when we look at the variance explained in Y in the AREA WORLD example, to the amount of variance being CREDITED to that predictor (and the SQUARE ROOT of that, since beta is in SCORE WORLD).

**summarizing all this:**

beta weight for visual is the largest beta weight, so it's getting the most credit in the regression. however because it's SSC is moderate instead of large, it is not the most (large variance?).... therefore at least some of the variance visual does explain is unique to just visual, and is different from the variance that can be explained by prior coursework.

both visual and prior coursework are important predictors, but visual also explains variance that prior coursework does not.

(Dr. Henson will probably hand out a version of his writeup to us later.)

**<< CLASS BREAK >>**

## Internal Replicability

preface with "hierarchical decision strategy" handout concepts.

(you can't interpret something that isn't there.)

can also use replicability to determine if something is there.

**what is science?**

- we want to identify principles in the world that we can use to help answer questions, based on observations that are repeatable.
- if the results are not replicable, then my question does not apply to anyone else in the future (generalizability).

we emphasize alpha (.05) so much because we are so concerned with Type I Error (rejecting the null hypothesis of NO effect when you SHOULDn't)--because that's what can discredit you as an academic.

if your case is unique and non-replicable for other reasons, is it maybe due to sampling error?

internal replicability gives us another way to look at potential sampling error--without spending the time, money, effort truly re-forming the study again. not as good as an external replicability, but better than nothing.

**if you can estimate the amount of sampling error in your study, you can adjust the amount of confidence you have in the generalizability of your results.**

(this will apply to a homework assignment we have in a few weeks.)

### 1) Jacknife

- small sample of 20 people. (probably a lot of sampling error; small sample.)
- randomly drop a person from the sample; run the analysis again (regression; comparing R-squared is one of the easy methods of comparison).
- now put that person back, and drop a different person; run the regression again (compare the R-squared to the previous one).
- do this for all possible groups of 19 in that sample of 20.
- create a frequency or histogram of all the R-squared values; it is NOT a distribution of SCORES; it is hopefully close to a
**sampling distribution of the mean**. (theoretical distribution, ??? distribution)--MANY NAMES! it's IMPORTANT!!
- want to know if the mean of your sample is different from the mean of your population--but the mean of the population is usually UNKNOWN.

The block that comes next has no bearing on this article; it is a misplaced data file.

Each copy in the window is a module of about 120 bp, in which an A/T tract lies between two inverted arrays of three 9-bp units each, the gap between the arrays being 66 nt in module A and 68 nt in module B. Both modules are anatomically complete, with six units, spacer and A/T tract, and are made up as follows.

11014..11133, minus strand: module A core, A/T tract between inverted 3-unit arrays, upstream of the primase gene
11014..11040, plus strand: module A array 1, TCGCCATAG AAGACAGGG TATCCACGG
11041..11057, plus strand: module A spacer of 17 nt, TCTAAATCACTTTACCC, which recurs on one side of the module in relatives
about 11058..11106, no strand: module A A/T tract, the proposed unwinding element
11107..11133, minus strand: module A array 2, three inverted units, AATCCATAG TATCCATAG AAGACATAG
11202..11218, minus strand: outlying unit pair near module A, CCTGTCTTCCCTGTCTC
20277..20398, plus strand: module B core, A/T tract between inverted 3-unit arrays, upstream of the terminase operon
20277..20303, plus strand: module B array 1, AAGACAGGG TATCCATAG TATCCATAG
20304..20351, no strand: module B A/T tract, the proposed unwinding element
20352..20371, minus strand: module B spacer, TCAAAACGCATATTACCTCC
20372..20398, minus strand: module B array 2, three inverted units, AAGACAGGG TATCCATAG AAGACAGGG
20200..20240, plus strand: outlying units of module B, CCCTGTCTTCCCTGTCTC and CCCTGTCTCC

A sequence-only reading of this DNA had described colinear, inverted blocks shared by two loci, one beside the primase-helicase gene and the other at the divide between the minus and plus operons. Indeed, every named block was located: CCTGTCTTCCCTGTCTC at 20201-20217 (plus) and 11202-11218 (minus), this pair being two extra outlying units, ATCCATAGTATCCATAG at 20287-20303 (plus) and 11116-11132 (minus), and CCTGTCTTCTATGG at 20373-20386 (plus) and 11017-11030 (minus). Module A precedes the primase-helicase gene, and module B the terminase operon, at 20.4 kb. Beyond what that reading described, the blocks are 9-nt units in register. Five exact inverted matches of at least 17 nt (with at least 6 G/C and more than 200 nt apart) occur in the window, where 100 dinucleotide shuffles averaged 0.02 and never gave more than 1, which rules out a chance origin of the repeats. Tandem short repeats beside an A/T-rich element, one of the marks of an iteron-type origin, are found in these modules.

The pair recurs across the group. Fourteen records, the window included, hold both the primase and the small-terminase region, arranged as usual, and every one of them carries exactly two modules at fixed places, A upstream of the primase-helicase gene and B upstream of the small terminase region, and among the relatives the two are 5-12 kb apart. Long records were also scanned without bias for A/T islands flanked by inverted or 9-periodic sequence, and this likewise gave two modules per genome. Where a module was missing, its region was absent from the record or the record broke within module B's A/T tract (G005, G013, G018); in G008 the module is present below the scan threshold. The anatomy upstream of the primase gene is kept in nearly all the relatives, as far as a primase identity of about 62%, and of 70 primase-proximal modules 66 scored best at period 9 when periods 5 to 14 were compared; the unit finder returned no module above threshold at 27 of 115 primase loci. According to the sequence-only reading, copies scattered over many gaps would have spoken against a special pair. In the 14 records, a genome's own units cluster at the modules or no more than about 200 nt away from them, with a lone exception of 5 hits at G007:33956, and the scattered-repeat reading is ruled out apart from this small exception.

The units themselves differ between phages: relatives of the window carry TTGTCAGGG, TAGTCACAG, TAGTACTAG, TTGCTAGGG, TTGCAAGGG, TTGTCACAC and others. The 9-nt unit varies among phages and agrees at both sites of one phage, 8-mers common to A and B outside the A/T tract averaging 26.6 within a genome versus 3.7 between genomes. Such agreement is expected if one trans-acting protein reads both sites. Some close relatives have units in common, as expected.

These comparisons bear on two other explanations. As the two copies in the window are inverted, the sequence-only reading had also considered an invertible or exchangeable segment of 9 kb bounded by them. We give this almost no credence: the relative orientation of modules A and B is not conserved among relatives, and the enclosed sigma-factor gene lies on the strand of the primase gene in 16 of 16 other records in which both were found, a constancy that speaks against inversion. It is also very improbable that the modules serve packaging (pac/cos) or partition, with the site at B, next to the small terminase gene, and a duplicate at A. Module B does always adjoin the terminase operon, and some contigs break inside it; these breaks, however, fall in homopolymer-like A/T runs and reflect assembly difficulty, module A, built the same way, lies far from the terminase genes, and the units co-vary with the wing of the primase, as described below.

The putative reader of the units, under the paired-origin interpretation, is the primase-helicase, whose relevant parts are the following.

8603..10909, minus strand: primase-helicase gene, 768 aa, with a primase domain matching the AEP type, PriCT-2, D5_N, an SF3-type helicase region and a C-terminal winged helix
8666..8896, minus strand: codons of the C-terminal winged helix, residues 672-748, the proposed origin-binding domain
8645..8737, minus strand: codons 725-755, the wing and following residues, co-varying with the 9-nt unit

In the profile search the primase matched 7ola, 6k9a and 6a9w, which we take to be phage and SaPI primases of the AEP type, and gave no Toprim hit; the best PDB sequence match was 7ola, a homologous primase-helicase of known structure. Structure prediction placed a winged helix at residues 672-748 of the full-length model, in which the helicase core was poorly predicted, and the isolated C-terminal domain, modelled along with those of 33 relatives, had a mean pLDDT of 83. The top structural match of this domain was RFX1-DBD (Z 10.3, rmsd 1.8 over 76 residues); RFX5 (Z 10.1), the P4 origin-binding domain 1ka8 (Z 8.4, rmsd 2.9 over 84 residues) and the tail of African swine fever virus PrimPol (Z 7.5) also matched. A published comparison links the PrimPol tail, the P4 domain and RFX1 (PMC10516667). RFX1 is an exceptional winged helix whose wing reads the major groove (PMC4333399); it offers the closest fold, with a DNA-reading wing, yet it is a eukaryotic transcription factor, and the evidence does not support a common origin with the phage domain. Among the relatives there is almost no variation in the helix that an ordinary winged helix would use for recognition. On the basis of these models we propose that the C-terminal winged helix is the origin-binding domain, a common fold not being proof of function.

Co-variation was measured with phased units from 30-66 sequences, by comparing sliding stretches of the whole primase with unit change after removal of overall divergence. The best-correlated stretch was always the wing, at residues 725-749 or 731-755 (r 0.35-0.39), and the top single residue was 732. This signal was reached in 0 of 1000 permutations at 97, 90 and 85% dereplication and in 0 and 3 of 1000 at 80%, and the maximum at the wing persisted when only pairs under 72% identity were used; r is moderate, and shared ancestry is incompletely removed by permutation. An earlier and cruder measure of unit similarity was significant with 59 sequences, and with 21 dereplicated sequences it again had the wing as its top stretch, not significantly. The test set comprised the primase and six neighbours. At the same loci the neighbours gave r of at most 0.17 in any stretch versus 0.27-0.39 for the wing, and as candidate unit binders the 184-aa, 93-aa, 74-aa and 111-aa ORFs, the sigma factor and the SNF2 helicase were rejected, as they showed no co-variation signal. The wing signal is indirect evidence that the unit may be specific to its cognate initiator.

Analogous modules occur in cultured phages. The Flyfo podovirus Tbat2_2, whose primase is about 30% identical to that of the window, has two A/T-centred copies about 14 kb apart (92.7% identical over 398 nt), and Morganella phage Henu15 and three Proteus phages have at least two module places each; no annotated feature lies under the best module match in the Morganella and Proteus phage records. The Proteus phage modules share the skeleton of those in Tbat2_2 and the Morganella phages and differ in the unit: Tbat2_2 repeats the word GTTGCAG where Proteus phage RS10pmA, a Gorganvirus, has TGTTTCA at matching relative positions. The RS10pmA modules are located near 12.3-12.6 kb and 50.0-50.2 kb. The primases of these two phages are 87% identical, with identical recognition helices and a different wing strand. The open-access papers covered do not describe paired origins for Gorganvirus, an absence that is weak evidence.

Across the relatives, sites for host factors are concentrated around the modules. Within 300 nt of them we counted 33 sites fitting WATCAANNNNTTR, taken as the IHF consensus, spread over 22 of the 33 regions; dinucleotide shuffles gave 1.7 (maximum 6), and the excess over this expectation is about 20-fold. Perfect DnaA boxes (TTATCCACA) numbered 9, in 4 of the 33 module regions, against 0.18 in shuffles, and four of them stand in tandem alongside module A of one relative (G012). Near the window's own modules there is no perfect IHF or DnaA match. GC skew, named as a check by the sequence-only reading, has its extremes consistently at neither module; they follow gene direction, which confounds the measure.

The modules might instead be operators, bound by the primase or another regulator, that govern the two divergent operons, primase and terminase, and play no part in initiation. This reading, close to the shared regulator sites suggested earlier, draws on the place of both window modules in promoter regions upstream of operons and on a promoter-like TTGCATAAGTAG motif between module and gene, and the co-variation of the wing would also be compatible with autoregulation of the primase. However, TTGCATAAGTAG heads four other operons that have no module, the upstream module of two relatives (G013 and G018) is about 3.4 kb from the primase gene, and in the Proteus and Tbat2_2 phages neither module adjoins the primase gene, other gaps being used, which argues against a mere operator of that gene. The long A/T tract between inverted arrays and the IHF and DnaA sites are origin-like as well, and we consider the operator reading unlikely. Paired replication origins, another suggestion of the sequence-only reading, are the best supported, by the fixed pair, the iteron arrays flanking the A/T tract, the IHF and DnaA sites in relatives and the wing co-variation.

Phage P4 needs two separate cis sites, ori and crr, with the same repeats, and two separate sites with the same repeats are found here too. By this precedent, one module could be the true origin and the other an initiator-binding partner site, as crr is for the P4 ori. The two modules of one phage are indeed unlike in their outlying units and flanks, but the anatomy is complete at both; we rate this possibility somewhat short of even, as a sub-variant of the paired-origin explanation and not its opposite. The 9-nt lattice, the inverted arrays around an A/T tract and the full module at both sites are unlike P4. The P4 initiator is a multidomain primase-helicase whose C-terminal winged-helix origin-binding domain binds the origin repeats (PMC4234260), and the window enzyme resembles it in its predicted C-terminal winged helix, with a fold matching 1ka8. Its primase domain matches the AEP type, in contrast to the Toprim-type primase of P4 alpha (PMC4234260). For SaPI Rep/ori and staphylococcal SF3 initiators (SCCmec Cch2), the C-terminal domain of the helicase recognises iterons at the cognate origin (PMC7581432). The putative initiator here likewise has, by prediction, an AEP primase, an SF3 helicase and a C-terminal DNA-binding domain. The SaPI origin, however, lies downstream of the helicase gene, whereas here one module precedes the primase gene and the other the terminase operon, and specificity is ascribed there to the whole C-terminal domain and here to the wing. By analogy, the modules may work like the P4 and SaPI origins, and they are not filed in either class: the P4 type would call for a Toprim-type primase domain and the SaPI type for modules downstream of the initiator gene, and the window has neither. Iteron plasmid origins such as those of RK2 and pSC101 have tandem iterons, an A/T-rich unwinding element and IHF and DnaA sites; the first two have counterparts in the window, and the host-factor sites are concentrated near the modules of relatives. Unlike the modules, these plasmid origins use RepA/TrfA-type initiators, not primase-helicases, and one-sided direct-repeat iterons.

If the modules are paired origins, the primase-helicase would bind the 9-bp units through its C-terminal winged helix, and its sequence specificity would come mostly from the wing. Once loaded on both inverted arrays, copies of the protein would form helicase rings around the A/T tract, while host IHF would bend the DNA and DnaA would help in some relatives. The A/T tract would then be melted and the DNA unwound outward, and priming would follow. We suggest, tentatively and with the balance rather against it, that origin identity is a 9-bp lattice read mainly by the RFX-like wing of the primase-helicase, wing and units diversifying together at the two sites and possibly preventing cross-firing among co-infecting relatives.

- different samples would help, but you can't always test a second, different, sample.
- jacknifing is
*theoretically* sampling a bunch of different means (but *really* sampling artificial sub-samples of our original sample).
- in this, statistically significant difference deals with
**how likely **one sample mean is compared to other potential sample means.
- if we take sub-samples, these are empirical samples, producing an
**empirical distribution** (not a TRUE distribution or sample).
- the
**SMALLER the standard deviation**, the **more CONFIDENT** you are in the results (the less variance, the more similar all data is to the mean).
- t-test between two groups means, and divide by the
**standard error** (SD of the sample of the square root of N).
- the standard error is the standard deviation of all the theoretical means (all the sample means contained in the population)--the formula is a mathematic way to estimate this, since we can't actually take all samples from the population.
- the reason we do the
**JACKKNIFE** thing is to estimate the sampling error in our study. How much sampling error we have indicates the likelihood of us obtaining/replicating that result. if **ONE PERSON** has a big effect on the sampling distribution, then that tells us they are a big part of the effect and they need to be looked at separately.

### 2) Bootstrap

- similar thing, approached differently.
- what kind of sampling do we assume, usually? RANDOM sampling.
- assume same n = 20 regression analysis as above... instead of dropping one person from a sample...
- we will copy that sample and their data and paste it--doubled the same data.
**Concatenating the sample** into a mega-sample.
- end up with n = 1,000 (but built off the same 20 people); now you'll
**sample **from that file **with replacement.** (you have potential to draw out the same person each time--TRUE probability.)
- sample with replacement multiple times, and
**form a sub-sample** of n = 20. (even possible that all 20 scores are the same person; impossible to say).
- then form another sub-sample, another, another, etc.
- plot all the
**effect sizes** (R-squared) in a **histogram **(similar to above).
**no limit on how many times you can re-sample** from it--usually very high, like 1,000 times.
- what would it tell us if the standard deviation is very small in that distribution?
**LESS sampling error.**
- sampling distribution of R-squared's. (since they are a distribution, you can use confidence intervals just like in usual kinds of distributions.)

### 3) Double Cross-Validation

- this is what the HOMEWORK ASSIGNMENT is on.
- it's the weakest of the three (less robust), but the easiest to do.